We were introduced to the little engine which was to drag us along the rails. She (for they make these curious little fire-horses all mares) consisted of a boiler, a stove, a small platform, a bench, and behind the bench a barrel containing enough water to prevent her being thirsty for fifteen miles, — the whole machine not bigger than a common fire-engine. She goes upon two wheels, which are her feet, and are moved by bright steel legs called pistons; these are propelled by steam, and in proportion as more steam is applied to the upper extremities (the hip-joints, I suppose) of these pistons, the faster they move the wheels; and when it is desirable to diminish the speed, the steam, which unless suffered to escape would burst the boiler, evaporates through a safety-valve into the air. The reins, bit, and bridle of this wonderful beast is a small steel handle, which applies or withdraws the steam from its legs or pistons, so that a child might manage it. The coals, which are its oats, were under the bench, and there was a small glass tube affixed to the boiler, with water in it, which indicates by its fullness or emptiness when the creature wants water, which is immediately conveyed to it from its reservoirs. There is a chimney to the stove, but as they burn coke there is none of the dreadful black smoke which accompanies the progress of a steam vessel. This snorting little animal, which I felt rather inclined to pat, was then harnessed to our carriage, and, Mr. Stephenson having taken me on the bench of the engine with him, we started at about ten miles an hour. The steam-horse being ill adapted for going up and down hill, the road was kept at a certain level, and appeared sometimes to sink below the surface of the earth, and sometimes to rise above it. Almost at starting it was cut through the solid rock, which formed a wall on either side of it, about sixty feet high.

Opening of the Liverpool and Manchester Railway, 1830, by A.B. Clayton
Opening of the Liverpool and Manchester Railway, 1830, by A.B. Clayton

From this descriptive account Kemble now moves to the emotive, conveying the monumental shift in human perception and sensation that the railroad was about to precipitate in the whole of humanity:

You can’t imagine how strange it seemed to be journeying on thus, without any visible cause of progress other than the magical machine, with its flying white breath and rhythmical, unvarying pace, between these rocky walls, which are already clothed with moss and ferns and grasses; and when I reflected that these great masses of stone had been cut asunder to allow our passage thus far below the surface of the earth, I felt as if no fairy tale was ever half so wonderful as what I saw. Bridges were thrown from side to side across the top of these cliffs, and the people looking down upon us from them seemed like pigmies standing in the sky… After proceeding through this rocky defile, we presently found ourselves raised upon embankments ten or twelve feet high; we then came to a moss, or swamp, of considerable extent, on which no human foot could tread without sinking, and yet it bore the road which bore us… We passed over it at the rate of five and twenty miles an hour, and saw the stagnant swamp water trembling on the surface of the soil on either side of us… It was lovely and wonderful beyond all words.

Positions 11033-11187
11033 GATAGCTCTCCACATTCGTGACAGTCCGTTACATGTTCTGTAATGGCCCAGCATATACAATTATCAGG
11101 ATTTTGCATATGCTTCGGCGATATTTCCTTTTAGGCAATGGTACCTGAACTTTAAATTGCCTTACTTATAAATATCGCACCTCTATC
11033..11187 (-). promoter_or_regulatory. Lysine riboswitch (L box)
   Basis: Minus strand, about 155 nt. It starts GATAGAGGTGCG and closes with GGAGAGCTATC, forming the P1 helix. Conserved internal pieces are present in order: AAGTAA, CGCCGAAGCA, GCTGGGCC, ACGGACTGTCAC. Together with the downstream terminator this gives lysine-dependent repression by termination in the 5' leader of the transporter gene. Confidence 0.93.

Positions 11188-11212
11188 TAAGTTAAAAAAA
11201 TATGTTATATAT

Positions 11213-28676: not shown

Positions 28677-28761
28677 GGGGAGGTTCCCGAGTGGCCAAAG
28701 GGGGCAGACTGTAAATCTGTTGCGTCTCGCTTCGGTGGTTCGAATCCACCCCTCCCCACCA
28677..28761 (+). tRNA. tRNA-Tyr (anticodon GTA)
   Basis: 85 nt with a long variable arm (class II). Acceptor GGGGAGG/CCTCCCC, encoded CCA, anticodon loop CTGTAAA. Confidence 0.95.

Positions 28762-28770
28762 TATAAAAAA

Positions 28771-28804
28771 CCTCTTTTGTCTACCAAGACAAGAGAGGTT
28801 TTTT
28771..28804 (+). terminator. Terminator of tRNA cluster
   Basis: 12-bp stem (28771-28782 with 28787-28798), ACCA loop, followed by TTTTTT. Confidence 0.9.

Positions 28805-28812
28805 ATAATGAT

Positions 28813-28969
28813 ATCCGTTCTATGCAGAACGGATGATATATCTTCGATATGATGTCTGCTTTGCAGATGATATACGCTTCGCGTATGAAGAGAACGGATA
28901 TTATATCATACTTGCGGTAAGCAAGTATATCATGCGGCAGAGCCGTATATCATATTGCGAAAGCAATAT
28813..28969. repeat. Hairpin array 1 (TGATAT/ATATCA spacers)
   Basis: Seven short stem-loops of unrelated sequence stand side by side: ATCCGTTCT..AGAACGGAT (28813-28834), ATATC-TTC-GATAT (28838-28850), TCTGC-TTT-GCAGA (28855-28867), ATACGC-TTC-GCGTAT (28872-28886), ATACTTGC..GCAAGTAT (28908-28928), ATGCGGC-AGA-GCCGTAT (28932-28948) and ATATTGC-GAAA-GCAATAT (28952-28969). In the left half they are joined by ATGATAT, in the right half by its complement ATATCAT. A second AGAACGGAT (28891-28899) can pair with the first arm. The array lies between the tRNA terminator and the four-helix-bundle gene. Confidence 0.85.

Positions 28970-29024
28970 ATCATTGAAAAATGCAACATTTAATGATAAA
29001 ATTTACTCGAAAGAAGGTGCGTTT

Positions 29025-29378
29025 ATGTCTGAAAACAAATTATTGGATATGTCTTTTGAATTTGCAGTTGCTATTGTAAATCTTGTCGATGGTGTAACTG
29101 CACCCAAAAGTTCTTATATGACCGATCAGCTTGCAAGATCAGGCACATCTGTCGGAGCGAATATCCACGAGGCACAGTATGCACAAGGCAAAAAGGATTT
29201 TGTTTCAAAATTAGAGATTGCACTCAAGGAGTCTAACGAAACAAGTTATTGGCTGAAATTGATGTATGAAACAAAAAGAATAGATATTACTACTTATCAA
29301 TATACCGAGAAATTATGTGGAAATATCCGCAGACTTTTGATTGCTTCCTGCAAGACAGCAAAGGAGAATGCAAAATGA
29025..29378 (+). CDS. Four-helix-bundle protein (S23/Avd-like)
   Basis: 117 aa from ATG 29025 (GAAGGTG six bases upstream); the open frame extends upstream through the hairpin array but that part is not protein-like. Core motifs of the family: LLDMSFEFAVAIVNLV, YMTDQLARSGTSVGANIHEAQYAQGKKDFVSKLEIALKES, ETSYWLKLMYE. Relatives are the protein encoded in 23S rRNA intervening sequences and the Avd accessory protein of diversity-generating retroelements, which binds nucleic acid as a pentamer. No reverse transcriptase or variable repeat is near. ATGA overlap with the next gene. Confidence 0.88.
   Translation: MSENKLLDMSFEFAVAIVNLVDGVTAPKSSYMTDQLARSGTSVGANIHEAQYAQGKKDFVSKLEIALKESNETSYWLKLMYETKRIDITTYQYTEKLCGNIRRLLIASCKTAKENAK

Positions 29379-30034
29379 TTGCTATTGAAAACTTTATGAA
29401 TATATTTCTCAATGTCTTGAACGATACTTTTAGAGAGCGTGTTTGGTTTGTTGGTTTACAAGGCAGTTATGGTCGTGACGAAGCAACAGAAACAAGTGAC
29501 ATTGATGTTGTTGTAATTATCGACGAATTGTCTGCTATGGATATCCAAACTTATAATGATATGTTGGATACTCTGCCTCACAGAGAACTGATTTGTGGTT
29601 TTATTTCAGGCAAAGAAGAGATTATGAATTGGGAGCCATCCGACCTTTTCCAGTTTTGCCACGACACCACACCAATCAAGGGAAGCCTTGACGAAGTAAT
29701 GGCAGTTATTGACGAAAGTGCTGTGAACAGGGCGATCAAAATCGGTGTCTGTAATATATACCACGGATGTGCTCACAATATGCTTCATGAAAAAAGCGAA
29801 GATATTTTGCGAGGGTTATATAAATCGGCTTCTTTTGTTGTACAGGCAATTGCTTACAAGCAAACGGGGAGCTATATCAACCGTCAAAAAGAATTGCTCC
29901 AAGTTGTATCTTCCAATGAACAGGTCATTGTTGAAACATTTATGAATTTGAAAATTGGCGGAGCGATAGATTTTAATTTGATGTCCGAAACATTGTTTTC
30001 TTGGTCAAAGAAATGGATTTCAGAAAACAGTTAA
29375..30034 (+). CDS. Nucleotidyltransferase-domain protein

The carriage … was set off at its utmost speed, thirty-five miles an hour, swifter than a bird flies (for they tried the experiment with a snipe). You cannot conceive what that sensation of cutting the air was; the motion is as smooth as possible, too. I could either have read or written; and as it was, I stood up, and with my bonnet off “drank the air before me.” The wind, which was strong, or perhaps the force of our own thrusting against it, absolutely weighed my eyelids down. (I remember a similar experience to this, the first time I attempted to go behind the sheet of the cataract of Niagara; the wind coming from beneath the waterfall met me with such direct force that it literally bore down my eyelids, and I had to put off the attempt of penetrating behind the curtain of foam till another day, when that peculiar accident; was less directly hostile to me in its conditions.) When I closed my eyes this sensation of flying was quite delightful, and strange beyond description; yet, strange as it was, I had a perfect sense of security, and not the slightest fear.

Kemble ends her account by returning to her mare metaphor, proving once again that we thinking animals do indeed think with animals:

This brave little she-dragon of ours flew on… When I add that this pretty little creature can run with equal facility either backward or forward, I believe I have given you an account of all her capacities.

Kemble remained enchanted by trains. In 1833, while touring in Boston, she traveled to the city’s southern suburb of Quincy for the unveiling of the Granite Railroad, America’s first commercial railway, and recorded the experience in her journal with exuberant admiration. Well before the end of the century, railroads had transformed humanity so profoundly that the previously science-fictional feat of circumnavigating the globe in eighty days became possible.

Complement with Rebecca Solnit on how the rise of railroads catalyzed the invention of motion pictures.

Published August 26, 2016